They stole her body and the pants off a white man: “Our Lady of 121st Street”

image via https://www.facebook.com/LABTheaterCo

Presented by LAByrinth Theater Company
Written by Stephen Adly Guirgis
Directed by Elizabeth Rodriguez
Stage Directions read by David Deblinger

Performed on Saturday, May 23 @ 8PM
A Zoom performance

LAByrinth Theater Company
Cherry Lane Theatre
38 Commerce Street
New York, NY 10014
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Critique by Kitty Drexel

“Hang on because it’s gonna be dope.” – From the pre-performance speech by Elizabeth Rodriguez.

ZOOM — This production is made available to viewers as a part of LAByrinth Theater Company’s desire to continue existing past the coronavirus pandemic. If you viewed this production and you are able, please donate to LAByrinth Theater. Donate now so theatre can exist later.

Directors must stop apologizing for their Zoom readings. Our Lady of 121st Street’s triumphant director Elizabeth Rodriguez is not the first to apologize to a Zoom audience. If I had my druthers, she would be the last. It’s unfair to the cast and crew who have put so much energy into the performance. Now is not the time to apologize for variables spinning mundanity far beyond our control. There is no set precedent for corona-times streaming theatre.  We’re inventing the genre. Mistakes and minor emergencies are part of the fun of live theatre.

Better to take risks, play them off as good technique, and review notes later than to needlessly apologize before actors have had an opportunity to wow us with their steaming skillz. The audience is, after all, completely ignorant of what is supposed to happen. This basic tenant of our craft puts even the most FUBARed of performances back on their course: pretend everything is fine, don’t let the audience in on the secret, and bow with a big smile at the end. We pretend we’re presenting theatre or we find a new medium for performance. This apologizing for nothing is getting old.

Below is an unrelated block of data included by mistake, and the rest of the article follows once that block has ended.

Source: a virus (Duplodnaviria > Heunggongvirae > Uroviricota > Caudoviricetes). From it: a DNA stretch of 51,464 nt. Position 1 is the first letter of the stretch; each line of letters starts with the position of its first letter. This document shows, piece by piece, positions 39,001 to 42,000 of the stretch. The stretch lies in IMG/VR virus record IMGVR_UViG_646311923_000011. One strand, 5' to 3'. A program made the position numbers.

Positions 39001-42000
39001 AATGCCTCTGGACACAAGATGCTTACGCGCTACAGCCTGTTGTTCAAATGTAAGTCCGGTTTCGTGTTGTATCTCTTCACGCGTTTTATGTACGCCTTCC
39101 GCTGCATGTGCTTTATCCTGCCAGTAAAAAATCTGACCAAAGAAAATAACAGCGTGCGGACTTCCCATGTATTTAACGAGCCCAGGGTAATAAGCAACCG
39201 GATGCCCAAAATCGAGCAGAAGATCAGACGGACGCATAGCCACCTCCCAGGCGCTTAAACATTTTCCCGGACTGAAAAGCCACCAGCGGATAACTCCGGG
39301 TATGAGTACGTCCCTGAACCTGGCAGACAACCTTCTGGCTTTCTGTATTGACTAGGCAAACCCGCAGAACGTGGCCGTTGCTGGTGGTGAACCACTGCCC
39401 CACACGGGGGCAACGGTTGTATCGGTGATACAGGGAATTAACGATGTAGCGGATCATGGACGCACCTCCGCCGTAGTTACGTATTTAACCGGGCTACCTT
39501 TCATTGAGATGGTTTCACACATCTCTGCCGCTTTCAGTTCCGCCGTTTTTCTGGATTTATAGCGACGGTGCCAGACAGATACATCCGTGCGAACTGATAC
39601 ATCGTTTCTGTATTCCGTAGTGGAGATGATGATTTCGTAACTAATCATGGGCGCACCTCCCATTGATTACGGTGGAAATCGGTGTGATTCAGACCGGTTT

That being said, pre-performance speeches should be written, rehearsed, and timed to under five minutes before a reading. The audience came for storytelling, not for a babbling palaver on the merits of a person, place, or thing most of us will never meet. We know you’re nervous and honored. Please keep it to a minimum just as you would on the lip of the stage to a live audience. If you prepare your speech for a live audience. Please reconsider this choice.

LAByrinth Theater Company’s presentation of Our Lady of 121st Street was good. Rodriguez said that her actors were using script but they looked off-book. They didn’t perform like they were on-book. They developed, concrete characters with clear goals and raw desires. Some of that is inherent in Stephen Adly Guirgis’s excellently descriptive writing, but much credit is due to the fine talents of the cast.

The actors of Our Lady of 121st Street gave life to these emotionally crippled characters with their fathoms-deep flaws. I would expect nothing less of Felix Solis, Lawrence Fishburn, Liza Colón-Zayas, Bobby Cannavale, Elizabeth Canavan, and the rest of the cast.

The story of this play is equal parts depressing. S.A.G. doesn’t shy away from humanity’s most salient of properties. He shines a light on them so even the most pious of individuals can identify with the schmoes fucking their lives away onstage. The actors took hold of that light to guide them into the bodies of their characters so they could in turn slide under our skins.

Please put character names on Zoom callers’ screens. It’s more distracting not to have them. This goes double for actors playing multiple roles. Triple if a character’s name is spoken aloud fewer than three times.

If anyone should apologize, it should be Eric Yuan, the founder and CEO of Zoom Video Communications for not already having a software compatible with the theatre communities needs. He and his billion-dollar business should hire the designers of Broadway, off-Broadway and fringe companies to take the software to the next level. We’re doing things with Zoom that his Board of Directors never imagined would be possible.

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